On remand from State v. Robinson, 454 S.W.3d 428 (Mo. App. 2015), the only evidence in the record showed that the officer who prepared the affidavit was systemically negligent in the preparation of search warrant affidavits, and that precludes application of the good faith exception. State v. Robinson, 2017 Mo. App. LEXIS 483 (May 23, 2017):
The State, however, offered no evidence in opposition to Robinson’s second motion to suppress. Robinson supported his second motion to suppress with Arnsperger’s admissions in his deposition testimony that he was aware of the multiple deficiencies in the Robinson affidavit but submitted the affidavit anyway. Robinson also offered the Lucas and Head affidavits, which he asserted contained similar deficiencies. Indeed, the Lucas affidavit was found to be so lacking in probable cause that it, too, resulted in the granting of a motion to suppress. The State presented no evidence showing Arnsperger’s good faith to refute Robinson’s contention of systemic negligence. The only evidence before the court that was favorable to the State was Arnsperger’s deposition testimony that his mistakes in the Robinson affidavit were merely an “oversight” and that the type of informant in the Lucas affidavit was different from the informants in the Robinson affidavit. The court was not required to accept this testimony, and we must defer to its decision not to. Stoebe, 406 S.W.3d at 514-15.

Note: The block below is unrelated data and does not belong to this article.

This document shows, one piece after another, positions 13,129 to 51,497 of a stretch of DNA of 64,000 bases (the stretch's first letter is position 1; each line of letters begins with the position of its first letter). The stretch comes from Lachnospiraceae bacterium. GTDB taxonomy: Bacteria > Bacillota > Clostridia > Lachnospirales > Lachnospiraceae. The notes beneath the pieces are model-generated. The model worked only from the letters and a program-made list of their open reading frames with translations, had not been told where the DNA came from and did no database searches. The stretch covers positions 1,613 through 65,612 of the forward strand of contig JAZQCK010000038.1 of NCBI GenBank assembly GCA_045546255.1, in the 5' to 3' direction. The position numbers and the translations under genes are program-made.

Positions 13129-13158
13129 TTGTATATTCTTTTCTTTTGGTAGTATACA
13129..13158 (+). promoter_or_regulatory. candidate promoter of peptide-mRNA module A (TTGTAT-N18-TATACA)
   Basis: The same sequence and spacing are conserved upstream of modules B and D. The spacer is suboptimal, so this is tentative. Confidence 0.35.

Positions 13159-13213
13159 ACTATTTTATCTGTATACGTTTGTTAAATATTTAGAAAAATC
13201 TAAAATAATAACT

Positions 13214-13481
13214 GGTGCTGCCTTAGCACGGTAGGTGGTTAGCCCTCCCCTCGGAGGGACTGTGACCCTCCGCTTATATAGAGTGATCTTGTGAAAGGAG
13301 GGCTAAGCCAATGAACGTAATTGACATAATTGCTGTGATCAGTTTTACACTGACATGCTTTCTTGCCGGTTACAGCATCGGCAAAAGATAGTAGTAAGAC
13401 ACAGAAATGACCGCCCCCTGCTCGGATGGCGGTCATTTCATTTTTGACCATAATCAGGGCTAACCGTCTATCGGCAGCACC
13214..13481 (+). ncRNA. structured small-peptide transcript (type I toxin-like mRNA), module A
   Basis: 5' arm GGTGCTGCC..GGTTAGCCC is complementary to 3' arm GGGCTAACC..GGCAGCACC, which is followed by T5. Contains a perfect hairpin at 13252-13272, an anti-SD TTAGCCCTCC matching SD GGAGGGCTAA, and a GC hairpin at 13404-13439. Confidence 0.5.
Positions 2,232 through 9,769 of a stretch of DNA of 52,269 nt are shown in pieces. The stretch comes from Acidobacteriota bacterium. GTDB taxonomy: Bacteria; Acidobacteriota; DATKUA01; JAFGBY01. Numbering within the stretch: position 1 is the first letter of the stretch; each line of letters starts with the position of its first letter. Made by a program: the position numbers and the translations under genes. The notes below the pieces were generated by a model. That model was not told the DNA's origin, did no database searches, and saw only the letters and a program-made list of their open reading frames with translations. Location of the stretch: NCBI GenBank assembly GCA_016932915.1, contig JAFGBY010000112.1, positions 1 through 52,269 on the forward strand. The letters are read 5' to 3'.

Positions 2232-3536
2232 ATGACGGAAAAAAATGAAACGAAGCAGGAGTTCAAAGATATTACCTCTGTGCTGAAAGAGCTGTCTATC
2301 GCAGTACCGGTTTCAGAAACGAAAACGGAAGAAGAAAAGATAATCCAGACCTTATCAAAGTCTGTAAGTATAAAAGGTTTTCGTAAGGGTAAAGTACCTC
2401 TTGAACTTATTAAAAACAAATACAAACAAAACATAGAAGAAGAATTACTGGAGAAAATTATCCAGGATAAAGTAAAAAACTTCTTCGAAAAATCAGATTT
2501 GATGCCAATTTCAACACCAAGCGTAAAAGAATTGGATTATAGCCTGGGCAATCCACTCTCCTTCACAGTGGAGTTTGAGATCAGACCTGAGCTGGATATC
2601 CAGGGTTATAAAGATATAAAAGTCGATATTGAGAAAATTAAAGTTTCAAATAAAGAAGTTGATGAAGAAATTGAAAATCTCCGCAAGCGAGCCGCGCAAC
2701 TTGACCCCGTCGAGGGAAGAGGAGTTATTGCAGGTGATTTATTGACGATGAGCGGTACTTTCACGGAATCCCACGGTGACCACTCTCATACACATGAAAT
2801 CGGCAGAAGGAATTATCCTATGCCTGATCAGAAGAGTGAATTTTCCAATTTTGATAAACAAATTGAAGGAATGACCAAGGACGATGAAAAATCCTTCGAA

In the record before the court, one hundred percent of the search warrant affidavits prepared by Arnsperger were deficient, and by his own admissions, Arnsperger was aware of the deficiencies in the applications but failed to prepare them properly. The State did not meet its burden of production or persuasion to show, by a preponderance of the evidence, why Robinson’s motion to suppress should be overruled. Therefore, we cannot say that the circuit court clearly erred in granting Robinson’s second motion to suppress. The State’s point on appeal is denied.